Cruz, Nelson: Future of ISS Should be Determined by Emergence of a Viable and Proven Commercial Alternative and Needs of Our National Space Program

"While we have been strong proponents of the U.S. commercial space sector, prematurely ending direct U.S. Government funding of ISS could have disastrous consequences. The future of ISS should be determined by the emergence of a viable and proven commercial alternative and the needs of our national space program." The Senators continued, "In fact, Congress specifically required that the transition plan include cost estimates for extending operations of the ISS to 2024, 2028, and 2030, and an evaluation of the feasible and preferred service life of the ISS through at least 2028 as a unique scientific, commercial, and space exploration related facility. P.L. 115-10 specifically required the NASA Administrator to deliver a report to Congress no later than December 1, 2017. As of today, that report has not been delivered to Congress as required by federal statute."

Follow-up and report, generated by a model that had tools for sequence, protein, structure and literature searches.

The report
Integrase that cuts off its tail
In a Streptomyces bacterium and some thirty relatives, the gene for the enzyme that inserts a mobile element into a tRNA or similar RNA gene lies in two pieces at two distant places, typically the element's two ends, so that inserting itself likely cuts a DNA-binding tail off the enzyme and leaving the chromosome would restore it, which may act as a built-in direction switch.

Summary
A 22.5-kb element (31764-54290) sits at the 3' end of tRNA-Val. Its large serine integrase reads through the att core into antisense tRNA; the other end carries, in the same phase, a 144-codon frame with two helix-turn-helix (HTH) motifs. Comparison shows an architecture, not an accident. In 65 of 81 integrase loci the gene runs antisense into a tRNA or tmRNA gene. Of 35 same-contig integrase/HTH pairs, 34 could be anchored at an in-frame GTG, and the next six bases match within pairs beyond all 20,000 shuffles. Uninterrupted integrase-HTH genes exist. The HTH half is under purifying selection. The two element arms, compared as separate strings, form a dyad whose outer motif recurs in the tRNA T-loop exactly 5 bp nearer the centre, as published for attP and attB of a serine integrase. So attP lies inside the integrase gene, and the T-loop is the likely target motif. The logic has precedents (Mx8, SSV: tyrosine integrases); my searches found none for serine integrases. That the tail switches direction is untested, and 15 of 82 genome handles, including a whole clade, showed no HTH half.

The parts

Did NASA Deliver The ISS Transition Plan To Congress Required By Law? Update: No, earlier post

Lockheed Martin got $35.2 billion from taxpayers last year. That's more than many federal agencies., Washington Post